1 reason each team can win it all

Now that the postseason field is complete, it’s time to break down each club’s strengths ahead of the Wild Card Series, which begin with Game 1 for each American League series on Tuesday, followed by Game 1 for the National League series on Wednesday.

Sixteen teams enter and one will be left standing as the 2020 World Series champion when it’s all said and done. Here’s one reason each playoff-bound club can win it all.

2020 postseason schedule

AMERICAN LEAGUE (in order of playoff seed)

Rays: Starting pitching

Blake Snell, Tyler Glasnow and Charlie Morton are all fully healthy heading into the postseason, which is not something you were able to say when they pushed the Astros to the brink in last year’s AL Division Series. The Rays are built on pitching and defense, and they’re going to need their three-headed monster in the starting rotation to lead them through October. — Juan Toribio

A’s: Bullpen excellence

The one constant that has followed the A’s throughout their run to capture their first AL West title since 2013 has been a dominant group of relievers. Oakland’s bullpen has led the Major Leagues in ERA for most of the season, led by lights-out closer Liam Hendriks and left-hander Jake Diekman, who did not allow an earned run until Oakland’s 55th game of the regular season. The bridge to the eighth and ninth innings has been solidified by experienced veterans like Yusmeiro Petit and Joakim Soria, and young flamethrowers such as Lou Trivino and Jordan Weems. If the A’s can get just five quality innings from their starters, they’ll feel like they’re in a good position to win. — Martin Gallegos

Twins: Pitching depth

Yep, you read that right. The team that bashed the most homers in MLB history last season and added Josh Donaldson has instead been powered by a pitching staff that has been, by most metrics, a top-three unit in the AL. No off-days between playoff games? No problem. Led by Kenta Maeda, the starting rotation has five options peaking at the right time, while the bullpen is nine deep with options that manager Rocco Baldelli won’t hesitate to use. Teams won’t be able to rely on three starters and a handful of relievers this October, and the Twins have the unrivaled depth to make it work. — Do-Hyoung Park

Indians: Starting pitching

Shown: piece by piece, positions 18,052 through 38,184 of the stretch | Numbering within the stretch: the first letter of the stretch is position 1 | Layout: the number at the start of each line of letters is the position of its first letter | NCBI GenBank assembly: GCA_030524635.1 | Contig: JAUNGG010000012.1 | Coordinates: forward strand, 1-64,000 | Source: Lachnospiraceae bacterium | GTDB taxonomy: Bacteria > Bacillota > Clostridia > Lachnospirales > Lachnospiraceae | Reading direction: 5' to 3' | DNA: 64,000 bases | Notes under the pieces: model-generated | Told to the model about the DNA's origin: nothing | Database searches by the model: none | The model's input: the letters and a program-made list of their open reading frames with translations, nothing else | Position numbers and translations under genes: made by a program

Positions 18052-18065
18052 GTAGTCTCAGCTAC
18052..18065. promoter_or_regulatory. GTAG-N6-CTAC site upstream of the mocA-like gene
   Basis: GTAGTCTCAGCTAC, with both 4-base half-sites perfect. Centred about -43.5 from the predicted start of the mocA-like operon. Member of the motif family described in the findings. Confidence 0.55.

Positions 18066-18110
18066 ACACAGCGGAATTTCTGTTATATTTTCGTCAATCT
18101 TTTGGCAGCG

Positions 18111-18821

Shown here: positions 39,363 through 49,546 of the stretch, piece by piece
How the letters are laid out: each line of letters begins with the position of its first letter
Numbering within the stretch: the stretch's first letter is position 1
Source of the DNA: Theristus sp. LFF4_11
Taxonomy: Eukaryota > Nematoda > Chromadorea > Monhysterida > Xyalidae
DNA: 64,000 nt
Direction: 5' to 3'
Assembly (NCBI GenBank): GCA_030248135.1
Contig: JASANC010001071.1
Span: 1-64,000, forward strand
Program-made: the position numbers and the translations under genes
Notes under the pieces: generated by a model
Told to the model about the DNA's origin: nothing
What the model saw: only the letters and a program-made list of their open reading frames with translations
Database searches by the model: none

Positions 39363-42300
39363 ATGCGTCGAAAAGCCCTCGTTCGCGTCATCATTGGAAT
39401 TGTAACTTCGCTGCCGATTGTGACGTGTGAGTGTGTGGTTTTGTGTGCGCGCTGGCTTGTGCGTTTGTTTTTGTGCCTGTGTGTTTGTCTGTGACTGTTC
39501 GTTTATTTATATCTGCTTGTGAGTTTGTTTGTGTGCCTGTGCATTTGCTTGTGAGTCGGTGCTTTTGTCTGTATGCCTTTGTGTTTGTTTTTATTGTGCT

The Indians already have an advantage, boasting the front-runner for the AL Cy Young Award in their rotation in Shane Bieber. A combination of Bieber and Zach Plesac in the first two games of a three-game Wild Card Series will be a challenge for any offense. But if the Tribe advances beyond the first round against the Yankees, it also has the pitching depth required to thrive in a postseason without off-days during the ALDS and AL Championship Series. While teams won’t be able to rely on just three starters this year, the Indians have quality options in Carlos Carrasco, Aaron Civale and Triston McKenzie to back Bieber and Plesac. — Mandy Bell

Yankees: Gerrit Cole

When Cole agreed to the richest contract ever issued to a free-agent pitcher this past offseason, Yankees managing general partner Hal Steinbrenner made his expectations clear, saying that he expected the deal would result in “multiple” World Series titles. The 2020 season has presented a multitude of challenges and surprises, but Cole and the Yankees chasing a ring in October is one thing we all banked on. Like CC Sabathia in 2009, it’s time for the ace to earn those big bucks, backed by one of the Majors’ most fearsome lineups. — Bryan Hoch

Astros: Redemption

In the wake of the sign-stealing scandal that rocked baseball, the Astros became the least-liked team in the game. Opposing players made that known in the spring when they spoke publicly about the legitimacy of Houston’s 2017 championship. And the Astros were booed loudly in the spring. They played stretches of lackluster baseball and looked nothing like last year’s 107-win club, but the playoffs represent a fresh start. The Astros know nothing would be more satisfying than to put everything — the sign-stealing scandal, the boos and the injuries — behind them and win another World Series. — Brian McTaggart

White Sox: Youth

The same factor that could potentially push the White Sox toward postseason excellence could, ironically, also prove to be their undoing. It will be the first postseason experience for many of these players, and it’s never certain how young players will respond in this sort of high-pressure situation. But the White Sox have top talent such as Eloy Jiménez, Luis Robert and Yoán Moncada, to name a few, and by taking a one-game-at-a-time approach, as they have throughout this breakout 2020 campaign, they have succeeded at pretty much every step. They also have a solid group of veterans leading them through these more challenging times. — Scott Merkin

Blue Jays: A young lineup with upside

The Blue Jays won’t be confused for the most consistent team in the postseason, but when this lineup of young hitters clicks, it’s awfully tough to keep up with them. From Cavan Biggio and Bo Bichette at the top of the lineup to Vladimir Guerrero Jr., Lourdes Gurriel Jr. and 2020 breakout star Teoscar Hernández, the Blue Jays have the power to change the game in any inning and come back from most deficits. Stringing hits together and playing small ball hasn’t often been their style, but once one of these young hitters gets rolling, it seems to spread instantly to the rest of the offense as they jump on opposing pitchers early. — Keegan Matheson

NATIONAL LEAGUE (in order of playoff seed)

Dodgers: Mookie Betts